Each model railroader builds his/her layout as they wish, and that's the way it should be, but I'm guessing that in contemplating this new layout, you may be at the point where positive change is in order. You also mentioned "hating the thought of demolishing your old layout." By all means save whatever you can. However, to me that indicates that you want your next layout to be more satisfying in the long run. You might be thinking of a last layout, rather than just a second layout, Is that true? If so, there are a couple of different approaches to accomplishing that goal. The attached file, "Where do I start" covers several, including sectional construction, and "thinking outside the (4' x 8') box.
I suggest you read it before going into construction. It presents a number of decisions for you to make about what kind of railroad you want to end up with.

Good Luck & Have Fun;

Traction Fan
 

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Rectangle Font Schematic Parallel Pattern

Hey there. Thanks for the welcome and the feedback. This is my 4th independent layout. I figure I can expand the 8 foot section by 2 feet at most and the 7 foot section is all I have. My current(until today) layout had 20 and 18 inch radii and all my engines and stock rolled perfectly. I have 2 six axle diesels than ran just fine and my 4-6-2 did as well. I used Atlas flex track code 83 so they dont hold exactly to 18 and 20 as they are a bit wider than those radii. I had about 1 inch of clearance on either edge of the 4x8. I do not have any long passenger cars nor large rolling stock and I have no plan to get any. I prefer freight to passenger except for The Royal Blue set I got from my dad. I made many plans on paper, adjusting the operators pit accordingly and I find I really like the track design shown here. My first 2 layouts I did exactly what you said. I built the table to fit the track. With life and all that annoying stuff, I have a space roughly 10x7 at most. 7 foot is blocked by a doorway and the 10 foot side is blocked by shelves. Making 2 4x8 tables and cutting a 2x4 section joining them on top and bottom would be easier on a 10x7 vs a 8x7. Again thanks for the feedback and let me know what you think about the extra details. Rectangle Font Schematic Parallel Pattern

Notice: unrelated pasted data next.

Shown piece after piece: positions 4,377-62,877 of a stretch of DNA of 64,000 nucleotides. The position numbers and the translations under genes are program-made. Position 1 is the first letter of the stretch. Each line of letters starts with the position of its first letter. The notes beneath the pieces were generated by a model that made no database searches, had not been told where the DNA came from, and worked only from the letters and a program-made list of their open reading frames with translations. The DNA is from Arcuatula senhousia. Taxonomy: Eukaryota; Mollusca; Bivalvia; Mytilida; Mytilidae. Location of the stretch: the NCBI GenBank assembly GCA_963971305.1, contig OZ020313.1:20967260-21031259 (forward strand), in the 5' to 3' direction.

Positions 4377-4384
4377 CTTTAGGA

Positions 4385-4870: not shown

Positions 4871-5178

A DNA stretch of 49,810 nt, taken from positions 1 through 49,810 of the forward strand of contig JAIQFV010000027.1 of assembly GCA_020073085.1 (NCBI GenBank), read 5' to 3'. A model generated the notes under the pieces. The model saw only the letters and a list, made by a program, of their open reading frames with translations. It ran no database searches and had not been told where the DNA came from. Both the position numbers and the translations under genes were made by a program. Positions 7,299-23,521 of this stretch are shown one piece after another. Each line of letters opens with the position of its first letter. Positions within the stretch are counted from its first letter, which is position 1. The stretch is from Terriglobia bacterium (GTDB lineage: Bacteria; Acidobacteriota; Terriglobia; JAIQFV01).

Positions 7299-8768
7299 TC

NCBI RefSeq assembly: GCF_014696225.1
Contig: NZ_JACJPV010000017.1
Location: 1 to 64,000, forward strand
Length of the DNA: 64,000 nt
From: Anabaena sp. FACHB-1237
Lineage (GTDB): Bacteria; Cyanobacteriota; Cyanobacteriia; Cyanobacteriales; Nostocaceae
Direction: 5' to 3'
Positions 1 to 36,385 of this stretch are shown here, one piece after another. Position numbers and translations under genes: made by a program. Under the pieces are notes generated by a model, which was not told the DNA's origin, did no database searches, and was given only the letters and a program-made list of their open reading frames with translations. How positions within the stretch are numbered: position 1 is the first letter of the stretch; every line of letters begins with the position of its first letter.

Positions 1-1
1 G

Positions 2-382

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I love the double main look when the trains pass each other in opposite directions and this layout will be my first attempt at elevation. I want to minimize my turnouts to just the sidings and not have any trains switching mains. But that could change. I'm flexible with any adjustments I make but I'm pretty firm on the double main. The 2 somewhat boring ovals made me try for the elevation and twice around.
 

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Mantis;
Welcome to the forum.

There is a tried-and-true method of track planning that pre-dates digital software. Its called paper & pencil. Being an old fart, (74) I haven't used any of the track planning software programs, but I have seldom heard anything but good about them here. However, since you have had difficulty using them, maybe you might "go retro" and try drawing your plan "old school."

From your description I gather you are thinking about some sort of 'L' or 'C' shaped layout with overall dimensions of 8' x 7' and a 4' x 3' operator's pit in the middle. Is that correct? Can you send a drawing of what you have in mind?